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What is Non Acid Generating rock (NAG)?

Non Acid Generating rock (NAG)  is rock that in surface weathering/oxidizing conditions produces no acid. Our current test results show that most of the excess rock resulting from mining at Black Butte is non-acid generating. This is good news as this rock contains sufficient carbonate minerals to neutralize any potential acid generation from mineralized material.

What elements of concern are in the rock that we will need to treat?

Based on extensive testing of the surface and groundwater of the area, which naturally leach metals from the surrounding rock, and the results of humidity cell tests on waste rock and cemented tailings, the most persistent elements exceeding groundwater and surface water standards are arsenic (As), selenium (Se), thallium (Tl), and strontium (Sr). Other elements, including copper (Cu), lead (Pb), nickel (Ni), mercury (Hg), cadmium (Cd), and zinc (Zn), could be of concern if waste rock were not properly managed. Fortunately, responsible management minimizes the amount of leaching of these elements into site water during the operation, and reverse osmosis water treatment removes all of them.

How will water be protected?

We take protecting all the water resources seriously. Tintina’s professionals chose the tunnel entry location specifically because it is almost 200 feet above the water level. In order to keep water from leaving the mine and mixing with creek water, all planned openings or entry points to the mine (including air ventilation and escape routes) are located far above the water table. Tintina’s professionals chose the tunnel entry location specifically because it is almost 200 feet above the water level.

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What elements of concern are in the rock that we will need to treat?

Based on extensive testing of the surface and groundwater of the area, which naturally leach metals from the surrounding rock, and the results of humidity cell tests on waste rock and cemented tailings, the most persistent elements exceeding groundwater and surface water standards are arsenic (As), selenium (Se), thallium (Tl), and strontium (Sr). Other elements, including copper (Cu), lead (Pb), nickel (Ni), mercury (Hg), cadmium (Cd), and zinc (Zn), could be of concern if waste rock were not properly managed. Fortunately, responsible management minimizes the amount of leaching of these elements into site water during the operation, and reverse osmosis water treatment removes all of them.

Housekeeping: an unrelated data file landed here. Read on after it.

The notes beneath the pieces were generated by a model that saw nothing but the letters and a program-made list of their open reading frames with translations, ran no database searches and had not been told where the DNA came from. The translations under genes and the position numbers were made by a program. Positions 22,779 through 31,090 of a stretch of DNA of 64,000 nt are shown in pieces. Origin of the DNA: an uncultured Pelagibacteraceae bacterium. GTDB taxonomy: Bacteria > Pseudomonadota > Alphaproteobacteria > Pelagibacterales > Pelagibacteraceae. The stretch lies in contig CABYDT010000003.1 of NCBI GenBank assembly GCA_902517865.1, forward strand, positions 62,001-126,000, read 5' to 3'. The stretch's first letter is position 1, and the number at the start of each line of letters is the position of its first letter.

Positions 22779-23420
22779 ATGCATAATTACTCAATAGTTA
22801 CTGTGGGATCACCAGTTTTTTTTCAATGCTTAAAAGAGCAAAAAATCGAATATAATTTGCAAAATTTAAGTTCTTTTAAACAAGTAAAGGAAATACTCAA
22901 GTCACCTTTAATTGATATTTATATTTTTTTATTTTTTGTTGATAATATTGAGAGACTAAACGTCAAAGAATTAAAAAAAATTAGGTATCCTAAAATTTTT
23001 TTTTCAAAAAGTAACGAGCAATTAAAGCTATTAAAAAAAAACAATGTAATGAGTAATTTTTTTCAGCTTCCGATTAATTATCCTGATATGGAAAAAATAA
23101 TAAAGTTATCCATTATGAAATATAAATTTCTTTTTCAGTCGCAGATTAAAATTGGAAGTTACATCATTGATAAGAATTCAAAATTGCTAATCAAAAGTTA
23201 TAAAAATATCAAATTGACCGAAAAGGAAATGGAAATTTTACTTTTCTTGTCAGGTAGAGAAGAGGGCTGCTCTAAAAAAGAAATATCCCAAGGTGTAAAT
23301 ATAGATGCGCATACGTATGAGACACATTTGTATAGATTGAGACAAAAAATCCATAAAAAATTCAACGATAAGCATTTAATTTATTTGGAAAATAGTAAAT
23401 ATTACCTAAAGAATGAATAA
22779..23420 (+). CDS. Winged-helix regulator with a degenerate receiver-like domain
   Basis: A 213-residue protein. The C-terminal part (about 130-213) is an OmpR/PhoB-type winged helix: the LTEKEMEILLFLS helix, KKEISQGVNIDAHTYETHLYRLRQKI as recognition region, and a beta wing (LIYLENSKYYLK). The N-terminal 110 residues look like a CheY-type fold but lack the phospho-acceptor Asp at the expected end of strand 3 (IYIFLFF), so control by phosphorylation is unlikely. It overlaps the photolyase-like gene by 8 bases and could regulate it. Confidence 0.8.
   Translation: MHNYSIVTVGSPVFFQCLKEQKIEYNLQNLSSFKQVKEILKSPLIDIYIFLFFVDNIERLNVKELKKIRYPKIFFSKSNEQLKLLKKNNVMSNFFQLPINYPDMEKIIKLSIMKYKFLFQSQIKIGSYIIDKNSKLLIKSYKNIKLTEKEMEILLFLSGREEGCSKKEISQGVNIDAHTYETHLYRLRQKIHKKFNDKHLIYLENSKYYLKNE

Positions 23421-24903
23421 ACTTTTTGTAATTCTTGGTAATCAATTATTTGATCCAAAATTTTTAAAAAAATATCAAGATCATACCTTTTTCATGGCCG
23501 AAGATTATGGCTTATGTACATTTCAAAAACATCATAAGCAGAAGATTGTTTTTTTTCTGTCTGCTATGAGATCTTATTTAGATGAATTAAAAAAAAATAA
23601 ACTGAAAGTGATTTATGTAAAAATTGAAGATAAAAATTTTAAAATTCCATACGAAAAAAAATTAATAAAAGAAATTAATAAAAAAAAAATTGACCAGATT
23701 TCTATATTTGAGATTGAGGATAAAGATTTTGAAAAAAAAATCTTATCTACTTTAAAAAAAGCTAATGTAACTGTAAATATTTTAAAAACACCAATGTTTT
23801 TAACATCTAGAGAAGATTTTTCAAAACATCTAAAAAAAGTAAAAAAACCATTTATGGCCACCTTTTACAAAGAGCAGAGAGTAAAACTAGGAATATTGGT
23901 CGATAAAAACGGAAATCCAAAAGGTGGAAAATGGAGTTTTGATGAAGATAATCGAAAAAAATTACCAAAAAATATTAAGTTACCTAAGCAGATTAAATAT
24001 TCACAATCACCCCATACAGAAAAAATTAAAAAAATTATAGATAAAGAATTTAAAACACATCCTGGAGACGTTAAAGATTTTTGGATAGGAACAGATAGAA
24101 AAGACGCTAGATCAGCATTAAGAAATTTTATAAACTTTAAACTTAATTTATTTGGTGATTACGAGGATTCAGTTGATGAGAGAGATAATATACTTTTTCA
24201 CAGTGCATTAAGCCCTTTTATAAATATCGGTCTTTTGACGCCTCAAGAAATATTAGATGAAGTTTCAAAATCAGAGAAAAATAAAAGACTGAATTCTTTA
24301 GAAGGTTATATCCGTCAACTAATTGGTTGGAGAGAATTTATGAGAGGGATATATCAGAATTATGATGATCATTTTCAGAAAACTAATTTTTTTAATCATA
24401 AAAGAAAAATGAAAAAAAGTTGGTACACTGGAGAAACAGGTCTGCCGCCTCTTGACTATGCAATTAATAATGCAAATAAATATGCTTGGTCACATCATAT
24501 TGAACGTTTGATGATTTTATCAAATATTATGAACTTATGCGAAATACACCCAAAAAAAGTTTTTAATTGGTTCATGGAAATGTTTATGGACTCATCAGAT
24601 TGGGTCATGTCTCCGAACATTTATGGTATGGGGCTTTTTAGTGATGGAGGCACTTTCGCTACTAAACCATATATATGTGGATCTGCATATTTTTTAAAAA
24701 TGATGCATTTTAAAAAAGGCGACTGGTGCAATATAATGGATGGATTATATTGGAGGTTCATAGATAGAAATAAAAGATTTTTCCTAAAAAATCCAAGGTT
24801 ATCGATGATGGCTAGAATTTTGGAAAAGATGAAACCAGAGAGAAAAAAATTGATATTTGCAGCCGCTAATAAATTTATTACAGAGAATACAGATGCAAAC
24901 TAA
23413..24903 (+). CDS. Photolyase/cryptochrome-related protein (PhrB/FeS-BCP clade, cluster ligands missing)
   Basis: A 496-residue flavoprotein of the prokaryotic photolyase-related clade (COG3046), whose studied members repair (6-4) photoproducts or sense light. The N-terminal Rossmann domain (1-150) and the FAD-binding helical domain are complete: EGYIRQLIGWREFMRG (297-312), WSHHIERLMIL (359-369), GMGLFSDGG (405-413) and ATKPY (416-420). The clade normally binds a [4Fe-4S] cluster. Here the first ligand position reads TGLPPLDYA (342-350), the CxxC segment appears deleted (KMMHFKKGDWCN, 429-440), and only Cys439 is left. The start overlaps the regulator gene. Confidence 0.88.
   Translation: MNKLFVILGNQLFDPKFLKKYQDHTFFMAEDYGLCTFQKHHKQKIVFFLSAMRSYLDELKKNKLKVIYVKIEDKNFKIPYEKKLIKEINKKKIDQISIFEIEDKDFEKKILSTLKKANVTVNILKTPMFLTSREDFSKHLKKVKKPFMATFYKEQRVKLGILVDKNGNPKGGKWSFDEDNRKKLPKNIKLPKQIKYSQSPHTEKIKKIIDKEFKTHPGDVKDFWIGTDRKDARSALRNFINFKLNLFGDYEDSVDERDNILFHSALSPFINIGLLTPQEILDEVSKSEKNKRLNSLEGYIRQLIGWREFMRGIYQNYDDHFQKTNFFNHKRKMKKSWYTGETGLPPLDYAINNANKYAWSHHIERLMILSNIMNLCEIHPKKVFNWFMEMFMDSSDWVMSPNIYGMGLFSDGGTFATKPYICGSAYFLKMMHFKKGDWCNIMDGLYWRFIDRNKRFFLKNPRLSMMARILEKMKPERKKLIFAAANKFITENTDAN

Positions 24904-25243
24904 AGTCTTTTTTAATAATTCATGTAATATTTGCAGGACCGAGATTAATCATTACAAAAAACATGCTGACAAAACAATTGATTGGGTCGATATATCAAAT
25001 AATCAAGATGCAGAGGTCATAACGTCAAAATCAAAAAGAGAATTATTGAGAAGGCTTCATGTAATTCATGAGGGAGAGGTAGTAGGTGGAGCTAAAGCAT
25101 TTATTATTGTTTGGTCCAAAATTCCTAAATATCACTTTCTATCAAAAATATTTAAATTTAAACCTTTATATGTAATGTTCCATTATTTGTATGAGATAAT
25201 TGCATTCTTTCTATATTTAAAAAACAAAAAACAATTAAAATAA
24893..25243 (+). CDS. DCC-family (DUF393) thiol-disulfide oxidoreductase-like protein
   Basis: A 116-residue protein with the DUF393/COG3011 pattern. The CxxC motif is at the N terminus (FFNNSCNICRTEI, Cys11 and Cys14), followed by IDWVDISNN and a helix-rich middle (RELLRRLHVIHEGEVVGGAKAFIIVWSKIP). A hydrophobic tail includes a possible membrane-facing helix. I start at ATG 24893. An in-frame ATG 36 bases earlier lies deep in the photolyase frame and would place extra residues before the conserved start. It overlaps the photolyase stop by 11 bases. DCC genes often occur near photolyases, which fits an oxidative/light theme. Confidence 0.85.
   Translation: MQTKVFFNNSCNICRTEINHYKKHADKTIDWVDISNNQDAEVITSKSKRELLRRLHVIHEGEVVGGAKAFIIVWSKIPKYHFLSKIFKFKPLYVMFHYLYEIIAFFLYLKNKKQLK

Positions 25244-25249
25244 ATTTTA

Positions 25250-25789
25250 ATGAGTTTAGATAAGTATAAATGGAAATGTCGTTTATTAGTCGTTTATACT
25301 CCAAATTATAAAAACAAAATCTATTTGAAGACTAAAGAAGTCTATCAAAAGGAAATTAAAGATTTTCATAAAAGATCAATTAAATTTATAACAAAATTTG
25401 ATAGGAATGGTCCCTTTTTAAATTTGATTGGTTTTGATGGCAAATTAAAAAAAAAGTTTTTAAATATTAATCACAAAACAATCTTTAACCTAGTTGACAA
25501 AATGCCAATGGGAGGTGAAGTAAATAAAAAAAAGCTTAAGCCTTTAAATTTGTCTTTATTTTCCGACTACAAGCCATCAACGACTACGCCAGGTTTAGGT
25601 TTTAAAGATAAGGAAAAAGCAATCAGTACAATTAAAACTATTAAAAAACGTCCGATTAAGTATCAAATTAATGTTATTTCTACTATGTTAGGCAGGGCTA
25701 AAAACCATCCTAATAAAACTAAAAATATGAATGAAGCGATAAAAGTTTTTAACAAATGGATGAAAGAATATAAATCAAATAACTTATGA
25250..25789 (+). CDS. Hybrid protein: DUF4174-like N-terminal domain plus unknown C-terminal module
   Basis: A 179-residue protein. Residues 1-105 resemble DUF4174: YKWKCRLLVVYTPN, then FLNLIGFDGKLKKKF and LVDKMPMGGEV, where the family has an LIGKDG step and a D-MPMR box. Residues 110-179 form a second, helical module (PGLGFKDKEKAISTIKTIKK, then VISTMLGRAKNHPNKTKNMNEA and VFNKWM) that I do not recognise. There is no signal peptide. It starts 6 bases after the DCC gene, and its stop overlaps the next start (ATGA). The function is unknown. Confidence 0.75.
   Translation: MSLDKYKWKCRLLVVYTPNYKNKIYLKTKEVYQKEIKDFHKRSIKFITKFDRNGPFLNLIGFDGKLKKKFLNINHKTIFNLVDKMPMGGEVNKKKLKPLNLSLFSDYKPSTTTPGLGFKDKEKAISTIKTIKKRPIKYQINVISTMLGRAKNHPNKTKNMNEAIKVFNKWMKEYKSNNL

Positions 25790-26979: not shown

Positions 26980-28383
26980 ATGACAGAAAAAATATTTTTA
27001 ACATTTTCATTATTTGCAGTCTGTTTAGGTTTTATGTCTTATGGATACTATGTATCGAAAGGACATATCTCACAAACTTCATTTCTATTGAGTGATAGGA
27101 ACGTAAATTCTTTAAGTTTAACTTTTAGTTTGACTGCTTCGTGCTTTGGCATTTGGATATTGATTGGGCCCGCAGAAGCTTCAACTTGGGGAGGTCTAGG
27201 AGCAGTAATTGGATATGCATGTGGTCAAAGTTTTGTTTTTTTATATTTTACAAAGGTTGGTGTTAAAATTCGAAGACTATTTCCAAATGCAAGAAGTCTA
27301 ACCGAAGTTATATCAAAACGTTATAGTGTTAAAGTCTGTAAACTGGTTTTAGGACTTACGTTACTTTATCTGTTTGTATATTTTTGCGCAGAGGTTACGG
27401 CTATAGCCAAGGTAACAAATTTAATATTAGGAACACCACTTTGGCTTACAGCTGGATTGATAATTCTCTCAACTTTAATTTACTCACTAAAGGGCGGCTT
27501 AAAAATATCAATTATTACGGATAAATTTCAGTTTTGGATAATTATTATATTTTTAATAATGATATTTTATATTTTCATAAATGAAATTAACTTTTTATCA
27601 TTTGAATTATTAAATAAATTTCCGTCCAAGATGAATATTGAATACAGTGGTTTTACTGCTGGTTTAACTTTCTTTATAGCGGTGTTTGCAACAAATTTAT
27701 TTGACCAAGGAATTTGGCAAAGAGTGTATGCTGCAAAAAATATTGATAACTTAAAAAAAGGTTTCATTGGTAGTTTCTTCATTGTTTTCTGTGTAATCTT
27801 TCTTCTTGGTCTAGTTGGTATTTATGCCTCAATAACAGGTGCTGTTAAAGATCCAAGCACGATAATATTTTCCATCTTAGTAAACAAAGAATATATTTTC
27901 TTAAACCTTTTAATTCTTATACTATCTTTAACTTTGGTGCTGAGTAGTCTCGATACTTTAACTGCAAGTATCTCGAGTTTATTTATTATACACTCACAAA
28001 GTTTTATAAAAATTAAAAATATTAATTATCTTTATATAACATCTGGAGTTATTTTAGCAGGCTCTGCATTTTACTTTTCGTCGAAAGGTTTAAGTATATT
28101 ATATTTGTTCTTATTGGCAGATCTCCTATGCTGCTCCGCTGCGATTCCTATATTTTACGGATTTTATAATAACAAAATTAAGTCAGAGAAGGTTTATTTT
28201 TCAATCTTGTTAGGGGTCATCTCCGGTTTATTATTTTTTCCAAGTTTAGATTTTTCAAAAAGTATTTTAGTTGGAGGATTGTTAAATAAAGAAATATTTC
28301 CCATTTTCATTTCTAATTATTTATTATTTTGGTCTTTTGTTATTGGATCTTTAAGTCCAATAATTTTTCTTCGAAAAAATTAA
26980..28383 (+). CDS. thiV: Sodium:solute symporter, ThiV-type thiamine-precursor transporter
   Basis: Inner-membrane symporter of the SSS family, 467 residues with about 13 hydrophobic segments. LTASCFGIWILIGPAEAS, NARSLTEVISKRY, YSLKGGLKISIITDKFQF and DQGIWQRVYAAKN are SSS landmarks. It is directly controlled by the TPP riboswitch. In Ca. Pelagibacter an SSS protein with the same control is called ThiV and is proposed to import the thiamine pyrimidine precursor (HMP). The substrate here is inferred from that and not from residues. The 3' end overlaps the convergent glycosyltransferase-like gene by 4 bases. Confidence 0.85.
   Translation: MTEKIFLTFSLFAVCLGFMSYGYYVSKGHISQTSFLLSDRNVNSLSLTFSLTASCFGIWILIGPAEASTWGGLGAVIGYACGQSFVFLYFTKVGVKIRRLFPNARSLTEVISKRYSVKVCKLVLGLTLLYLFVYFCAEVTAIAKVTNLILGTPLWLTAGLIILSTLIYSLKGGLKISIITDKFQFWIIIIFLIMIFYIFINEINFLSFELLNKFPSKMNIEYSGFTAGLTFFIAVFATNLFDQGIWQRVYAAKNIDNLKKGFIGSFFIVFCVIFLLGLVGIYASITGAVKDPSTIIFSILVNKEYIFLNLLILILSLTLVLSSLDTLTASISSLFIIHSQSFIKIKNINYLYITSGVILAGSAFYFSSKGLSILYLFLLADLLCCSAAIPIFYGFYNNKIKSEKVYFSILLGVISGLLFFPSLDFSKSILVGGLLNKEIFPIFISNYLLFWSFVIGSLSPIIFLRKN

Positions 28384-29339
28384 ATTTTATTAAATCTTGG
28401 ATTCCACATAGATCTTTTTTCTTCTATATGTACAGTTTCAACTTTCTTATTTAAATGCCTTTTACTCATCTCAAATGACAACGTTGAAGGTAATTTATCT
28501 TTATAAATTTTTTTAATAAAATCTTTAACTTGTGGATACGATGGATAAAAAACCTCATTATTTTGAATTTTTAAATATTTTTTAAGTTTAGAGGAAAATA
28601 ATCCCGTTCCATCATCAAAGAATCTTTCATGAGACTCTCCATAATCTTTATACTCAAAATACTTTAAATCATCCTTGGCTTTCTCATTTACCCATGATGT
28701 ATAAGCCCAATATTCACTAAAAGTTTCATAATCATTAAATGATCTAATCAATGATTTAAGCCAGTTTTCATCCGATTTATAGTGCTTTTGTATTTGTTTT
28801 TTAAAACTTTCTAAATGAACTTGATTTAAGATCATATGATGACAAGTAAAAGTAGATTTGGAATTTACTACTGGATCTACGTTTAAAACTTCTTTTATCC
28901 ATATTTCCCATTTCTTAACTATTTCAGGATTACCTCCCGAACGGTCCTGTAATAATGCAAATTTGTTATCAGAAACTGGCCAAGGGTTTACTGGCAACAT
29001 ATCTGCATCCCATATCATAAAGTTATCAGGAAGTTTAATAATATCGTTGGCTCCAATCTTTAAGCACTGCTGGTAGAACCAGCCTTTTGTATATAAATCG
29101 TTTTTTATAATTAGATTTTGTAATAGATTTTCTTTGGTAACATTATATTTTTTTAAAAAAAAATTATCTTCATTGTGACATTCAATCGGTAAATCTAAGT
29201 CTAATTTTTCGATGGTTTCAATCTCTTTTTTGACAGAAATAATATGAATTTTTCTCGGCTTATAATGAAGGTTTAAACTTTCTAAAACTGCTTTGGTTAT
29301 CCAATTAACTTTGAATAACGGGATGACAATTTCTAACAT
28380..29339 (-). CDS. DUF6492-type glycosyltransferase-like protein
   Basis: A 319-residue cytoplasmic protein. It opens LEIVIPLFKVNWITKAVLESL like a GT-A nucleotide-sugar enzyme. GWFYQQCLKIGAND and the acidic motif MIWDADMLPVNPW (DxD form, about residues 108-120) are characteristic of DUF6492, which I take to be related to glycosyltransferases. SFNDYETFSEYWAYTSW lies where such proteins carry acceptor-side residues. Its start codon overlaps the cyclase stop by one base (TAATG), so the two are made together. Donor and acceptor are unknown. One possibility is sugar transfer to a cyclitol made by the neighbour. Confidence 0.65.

What water tributaries are in the immediate area?

The principal stream near the mine is Sheep Creek—to protect Sheep Creek, the mill facility and cemented tailings impoundment are one mile south of Sheep Creek. A tiny streamlet, Raccoon Creek, lies between the facility and Sheep Creek. A branch of Little Sheep Creek lies east of the surface facility but in a different sub-tributary drainage. Our top priority is protecting all water sources.

How far is the Smith River from the Project?

The Smith River is 19 stream miles from the confluence of Sheep Creek and the Smith River. To protect all water resources, the cemented tailings facility will be located one mile off Sheep Creek, and all facilities including the tunnel opening will be located out of the valley, in a saddle of Sawmill Hill. Tintina purposely chose this distant location to ensure a superior job of environmental management for the mine site and for protection of all local waterways.

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Do we monitor water and why?

Yes, water monitoring is important and accomplishes two things. First, it allows us to establish a baseline understanding of water quality and quantity under conditions prior to mining. Second, after mining is underway, monitoring allows us to detect any changes in water quality or quantity. Montana has very stringent water quality laws that protect the environment by stipulating that if we are not meeting all standards, we will be shut down immediately until resolution that protects the environment is completed.

How will tailings be managed on surface?

To protect our valuable water resources and the environment, Tintina has designed a Cemented Tailings Facility (CTF) that improves on established practices by allowing for a solid, dust free facility. After filtering and squeezing out most of the water, tailings mixed with cement will be permanently stored in a 100 mil High Density Polyethylene (HDPE) double lined facility in a non-flowable state. There will be a pump back system placed in the bottom of the facility so that the small amount of water squeezed from the tailings as it sets up as well as any precipitation occurring on the facility is pumped into a double lined process water pond.

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What method of mining will be used underground?

The mining method contemplated in the PEA is called both “cut and fill” or “drift and fill”, which means that part of the deposit will be mined out (cut) and paste backfill non-mineralized rock will be placed in that opening (fill). This greatly reduces the amount of tailings that are stored at surface level as approximately half of the tailings will be placed back underground as paste backfill. Tintina is evaluating various scenarios to minimize the amount of tailings to be stored at surface.

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What are mine tailings?

Once the mined rock is taken from a mine, it is ground to a fine powder in a mill located onsite. There, the copper mineral (chalcopyrite) is separated from the remainder of the rock into a concentrate for shipping. The remaining rock is called tailings.